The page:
In this respect, the ECB’s first projection for the rate of inflation in 2018 is important: the ECB forecasts inflation of just 1.6%. In our view, the ECB will, on account of the huge output gap in the eurozone and the low level of unit labour costs, have an uphill task in meeting the inflation target not just in 2018, but beyond that date too. The pace of growth of unit labour costs is currently hovering at around 1%. These costs are an important factor in determining the rate of core inflation (see exhibit 2 below) – also, currently, running at a level far below that desired by ECB policymakers.
Exhibit 1: the persistent undershooting of the ECB’s targeted path of inflation has put the central bank under pressure to take remedial action (the graph shows changes in the annual inflation rate for the eurozone for the January 2010 to March 2016 period).
Source: Bloomberg, as at 11 March 2016
Exhibit 2: the rate of core inflation in the eurozone remains well below a level that would correspond to the ECB’s reflationary objectives
Source: Bloomberg, as at 11 March 2016
So, in our view, further action remains on the agenda. However, after the latest decisions, we do not expect new measures until the second half of 2016 at the earliest. Any impression that the ECB is now done may well therefore be premature. In our opinion, further steps will depend on incoming economic data. In the course of 2016, pressure for additional action would ease if:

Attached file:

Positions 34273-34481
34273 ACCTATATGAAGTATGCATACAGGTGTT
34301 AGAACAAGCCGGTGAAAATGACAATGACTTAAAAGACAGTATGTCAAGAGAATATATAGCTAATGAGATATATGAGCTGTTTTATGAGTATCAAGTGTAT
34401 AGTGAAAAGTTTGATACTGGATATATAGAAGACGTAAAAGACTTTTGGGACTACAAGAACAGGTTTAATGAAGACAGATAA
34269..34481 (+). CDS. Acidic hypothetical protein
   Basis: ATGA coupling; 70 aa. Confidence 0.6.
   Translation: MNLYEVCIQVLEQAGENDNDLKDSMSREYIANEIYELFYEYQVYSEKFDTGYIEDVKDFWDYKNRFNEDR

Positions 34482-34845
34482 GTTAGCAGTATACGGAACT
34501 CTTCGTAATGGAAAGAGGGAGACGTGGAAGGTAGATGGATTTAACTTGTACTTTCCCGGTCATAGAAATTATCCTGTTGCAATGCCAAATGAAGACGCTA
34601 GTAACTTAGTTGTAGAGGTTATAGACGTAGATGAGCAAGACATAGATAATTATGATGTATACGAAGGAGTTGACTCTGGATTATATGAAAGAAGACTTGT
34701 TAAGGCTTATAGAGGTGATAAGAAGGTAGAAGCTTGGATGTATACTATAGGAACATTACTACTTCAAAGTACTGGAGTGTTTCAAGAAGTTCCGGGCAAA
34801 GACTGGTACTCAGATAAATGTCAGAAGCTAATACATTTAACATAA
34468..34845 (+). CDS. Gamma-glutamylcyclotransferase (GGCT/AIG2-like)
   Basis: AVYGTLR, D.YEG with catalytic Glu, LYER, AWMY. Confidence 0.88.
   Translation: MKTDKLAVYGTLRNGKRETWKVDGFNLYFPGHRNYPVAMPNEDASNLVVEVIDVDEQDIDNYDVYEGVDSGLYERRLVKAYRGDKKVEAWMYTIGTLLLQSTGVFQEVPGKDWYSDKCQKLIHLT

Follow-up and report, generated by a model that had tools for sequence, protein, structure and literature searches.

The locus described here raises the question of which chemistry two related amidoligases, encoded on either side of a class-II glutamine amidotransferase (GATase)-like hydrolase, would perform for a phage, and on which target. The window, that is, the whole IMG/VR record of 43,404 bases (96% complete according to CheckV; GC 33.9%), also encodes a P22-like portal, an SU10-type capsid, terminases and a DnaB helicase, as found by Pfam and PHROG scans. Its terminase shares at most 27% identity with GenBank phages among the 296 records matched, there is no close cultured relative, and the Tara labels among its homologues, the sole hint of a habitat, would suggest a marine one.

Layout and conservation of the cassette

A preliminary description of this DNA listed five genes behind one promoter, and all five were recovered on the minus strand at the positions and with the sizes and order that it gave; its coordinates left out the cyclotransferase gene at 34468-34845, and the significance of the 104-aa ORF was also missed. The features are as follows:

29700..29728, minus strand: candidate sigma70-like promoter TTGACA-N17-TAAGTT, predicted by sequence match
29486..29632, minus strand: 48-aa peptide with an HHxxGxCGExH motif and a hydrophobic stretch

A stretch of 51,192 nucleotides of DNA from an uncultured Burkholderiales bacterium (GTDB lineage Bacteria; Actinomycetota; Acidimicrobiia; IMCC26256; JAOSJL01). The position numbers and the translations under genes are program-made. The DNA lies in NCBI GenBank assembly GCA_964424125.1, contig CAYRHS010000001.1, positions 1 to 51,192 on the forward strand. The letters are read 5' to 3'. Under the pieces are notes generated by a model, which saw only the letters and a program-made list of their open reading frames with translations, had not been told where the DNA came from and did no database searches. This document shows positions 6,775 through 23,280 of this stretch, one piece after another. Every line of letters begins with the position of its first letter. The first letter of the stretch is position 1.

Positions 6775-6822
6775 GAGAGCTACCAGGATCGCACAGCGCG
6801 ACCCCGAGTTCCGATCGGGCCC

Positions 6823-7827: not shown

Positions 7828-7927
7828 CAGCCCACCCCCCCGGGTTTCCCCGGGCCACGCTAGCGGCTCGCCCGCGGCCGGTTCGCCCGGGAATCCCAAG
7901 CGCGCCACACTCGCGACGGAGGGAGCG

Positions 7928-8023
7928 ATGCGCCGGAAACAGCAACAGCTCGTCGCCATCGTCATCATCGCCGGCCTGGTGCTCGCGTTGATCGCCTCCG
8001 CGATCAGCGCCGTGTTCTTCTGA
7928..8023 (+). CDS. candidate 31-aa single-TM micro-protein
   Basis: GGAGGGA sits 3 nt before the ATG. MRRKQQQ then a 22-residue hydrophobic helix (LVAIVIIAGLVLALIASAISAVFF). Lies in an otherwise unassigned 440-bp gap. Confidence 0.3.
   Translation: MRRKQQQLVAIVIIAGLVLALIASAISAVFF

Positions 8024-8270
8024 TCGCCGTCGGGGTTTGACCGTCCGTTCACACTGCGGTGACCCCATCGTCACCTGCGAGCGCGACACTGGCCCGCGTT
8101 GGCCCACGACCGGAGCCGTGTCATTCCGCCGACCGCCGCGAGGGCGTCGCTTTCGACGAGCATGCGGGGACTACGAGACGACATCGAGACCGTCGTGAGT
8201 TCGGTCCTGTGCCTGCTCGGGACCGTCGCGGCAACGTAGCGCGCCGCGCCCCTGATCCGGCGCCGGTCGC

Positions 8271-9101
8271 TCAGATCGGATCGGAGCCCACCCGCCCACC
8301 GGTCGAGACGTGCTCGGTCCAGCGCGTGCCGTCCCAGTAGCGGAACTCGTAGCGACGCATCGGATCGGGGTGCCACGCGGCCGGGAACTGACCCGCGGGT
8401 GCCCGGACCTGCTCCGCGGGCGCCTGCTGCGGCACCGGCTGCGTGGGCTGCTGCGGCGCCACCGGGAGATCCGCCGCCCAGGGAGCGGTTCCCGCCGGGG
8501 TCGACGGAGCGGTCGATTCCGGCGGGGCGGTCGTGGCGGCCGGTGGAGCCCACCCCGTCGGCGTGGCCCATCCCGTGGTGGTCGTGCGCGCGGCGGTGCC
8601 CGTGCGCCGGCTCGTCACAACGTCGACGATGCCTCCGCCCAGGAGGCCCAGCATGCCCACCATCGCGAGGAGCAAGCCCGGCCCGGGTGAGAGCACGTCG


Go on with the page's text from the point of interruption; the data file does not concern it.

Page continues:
(i) the oil price rose to above USD 50 per barrel
(ii) growth picked up in the eurozone and
(iii) the euro weakens.
A cautious view on European assets
As said, the positive reaction in bond markets was short-lived as participants took the view there was now less to expect in the foreseeable future from the ECB. If economies in developed countries show more signs of reasonable growth and expectations of further interest-rate increases by the US Federal Reserve this year are revived, market vulnerability could rise further. Prolonged asset buying by the ECB could result in a negative supply in eurozone government bonds. Together with more negative money market rates, anchored for longer, this should prevent a sharp and prolonged rise in yields. Nevertheless, as in 2015, a low-yield environment does not mean low market volatility and ECB buying is no guarantee for positive returns in bond markets.
As for European equities, we currently prefer a more defensive stance. Sentiment should get a further boost from the QE expansion and could unwind somewhat further the market’s extremely pessimistic view of the global economy. However, we see few other drivers to lift the market’s spirits. Overall, global corporate earnings trends look less supportive now than they did a couple of months ago. In Europe, there are geopolitical issues that look set to weigh on equities in the next few months including June’s EU referendum in the UK, forming a stable government in Spain and the refugee crisis.
Such issues could in the medium term add to the weakness of the euro, but we believe Fed policy will be the main driver. Opportunities for additional US dollar strength could present themselves as the Fed resumes its slow-motion policy tightening later this year.
This article was written in Amsterdam on 10 March 2016.